So, why are we so tough on ourselves when we do make mistakes?  Intellectually, we know they happen to everybody.  Yet, when we realize we’ve made one–large or small–we get that sick feeling in the pit of our stomachs!

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  • Life With Felines February 9, 2013

    bad kitty 1

    by Noella Noelophile™

    The number-one way to guarantee that a cat will do something?  (One of the few?)  Two simple words:

    “No, kitty!”

    In our house, those words have preceded feline bounds onto the washing machine, small whiskered heads poking into the nearest dinner plate, and soft paws probing the computer keyboard and creatively rearranging a painstakingly-written document.

    Problem is, our two current feline supervisors have the “angel cat” routine down to a science.   We’ll return from a trip to the store to find half the draperies hanging precariously from our windows, a bowl in the middle of the floor, and our year-old black kitty, Jet, looking up at us in wide-eyed innocence.

    “Mieuw?”  (We can almost see her halo!)

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  • Strolling Through Adjacent Lives January 29, 2013

    lighted trees

    by Noella Noelophile™

    When you meet her on the street, she’s always smiling.  She’s out for a brisk walk,  never fails to comment that “it’s a beautiful day!”, and gives the impression of having enjoyed every moment of her eighty-plus years.

    Just seeing her is enough to make you smile…and you  hope she’ll continue on in her vigorous, sunny way until she’s at least a hundred.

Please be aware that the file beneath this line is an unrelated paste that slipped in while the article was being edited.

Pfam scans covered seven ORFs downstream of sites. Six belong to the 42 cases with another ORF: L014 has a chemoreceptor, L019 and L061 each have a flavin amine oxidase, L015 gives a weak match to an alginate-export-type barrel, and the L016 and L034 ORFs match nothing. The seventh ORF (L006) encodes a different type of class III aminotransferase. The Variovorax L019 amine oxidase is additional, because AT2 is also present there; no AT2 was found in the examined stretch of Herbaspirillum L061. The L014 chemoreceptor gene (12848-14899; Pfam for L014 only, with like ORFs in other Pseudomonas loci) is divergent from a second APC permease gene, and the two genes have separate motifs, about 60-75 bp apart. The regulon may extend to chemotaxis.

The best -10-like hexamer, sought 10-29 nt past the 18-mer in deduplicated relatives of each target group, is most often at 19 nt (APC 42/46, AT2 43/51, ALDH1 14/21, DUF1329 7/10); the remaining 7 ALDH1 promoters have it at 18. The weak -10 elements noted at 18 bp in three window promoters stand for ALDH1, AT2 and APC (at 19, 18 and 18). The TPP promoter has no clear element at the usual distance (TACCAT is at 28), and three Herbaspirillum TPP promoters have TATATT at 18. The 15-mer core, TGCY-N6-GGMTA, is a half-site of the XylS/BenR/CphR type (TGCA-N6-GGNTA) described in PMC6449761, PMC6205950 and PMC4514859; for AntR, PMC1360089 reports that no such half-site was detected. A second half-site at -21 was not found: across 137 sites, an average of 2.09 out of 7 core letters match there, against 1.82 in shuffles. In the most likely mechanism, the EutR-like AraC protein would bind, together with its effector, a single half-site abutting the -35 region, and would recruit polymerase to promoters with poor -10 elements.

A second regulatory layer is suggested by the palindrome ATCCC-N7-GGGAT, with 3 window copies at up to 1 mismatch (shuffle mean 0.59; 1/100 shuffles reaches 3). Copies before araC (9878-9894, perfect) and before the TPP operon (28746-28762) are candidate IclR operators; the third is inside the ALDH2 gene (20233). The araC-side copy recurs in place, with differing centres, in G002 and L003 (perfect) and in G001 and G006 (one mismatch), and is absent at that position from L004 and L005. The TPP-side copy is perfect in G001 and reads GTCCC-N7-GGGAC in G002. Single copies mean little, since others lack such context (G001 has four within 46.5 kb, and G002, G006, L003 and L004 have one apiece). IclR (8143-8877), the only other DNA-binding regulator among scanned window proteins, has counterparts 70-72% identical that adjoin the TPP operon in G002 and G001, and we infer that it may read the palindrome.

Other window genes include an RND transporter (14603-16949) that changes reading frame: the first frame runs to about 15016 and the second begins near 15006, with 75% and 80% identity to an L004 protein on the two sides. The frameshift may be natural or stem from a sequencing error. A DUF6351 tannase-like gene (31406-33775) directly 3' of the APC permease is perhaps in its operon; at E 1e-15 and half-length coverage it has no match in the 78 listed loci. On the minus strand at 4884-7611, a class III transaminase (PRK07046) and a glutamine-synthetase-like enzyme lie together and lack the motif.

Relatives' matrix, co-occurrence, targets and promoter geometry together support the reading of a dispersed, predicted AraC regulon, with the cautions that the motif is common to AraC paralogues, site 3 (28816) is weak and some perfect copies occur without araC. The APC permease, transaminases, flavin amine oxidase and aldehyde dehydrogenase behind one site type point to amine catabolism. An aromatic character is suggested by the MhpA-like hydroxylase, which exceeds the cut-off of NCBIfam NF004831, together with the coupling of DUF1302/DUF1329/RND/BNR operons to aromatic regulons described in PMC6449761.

Her name?  Her history?   Despite seeing her often, I don’t know them–and probably never will.   But what a life-brightener she is.

    We’ve all had people who changed our lives radically.   There were teachers who made us think differently about our abilities; supervisors or associates who challenged us, for good or otherwise; role models who lived a different perspective.

    But…what about the people who have an almost-accidental effect on our lives?

    One morning in Southern California’s mid-Wilshire area, we were having a torrential rain.  Commuters were climbing the stairs from the subway, fumbling with umbrellas and hunching their shoulders against the unaccustomed bad weather.    It was chilly, gray, dripping…and one man, in the midst of all of us, suddenly belted out the first line of the 1960’s song, “It’s a Beautiful Morning.”

    Smiles and laughter ensued…and suddenly, a little rain didn’t matter.

    Like it or not, everyone affects everyone else around them, all the time–for good or evil.   A stranger’s thoughtless comment on the street can devastate a shy adolescent.    A co-worker’s encouragement…or skepticism, in the break room, can determine whether someone decides his or her dreams are too risky to pursue.  A favorite clerk’s story of a great vacation may get a customer thinking, “That’s where I want to go, next summer!”

    And an author or artist you’ve never met, and may never meet, can speak to you as if you’re old friends.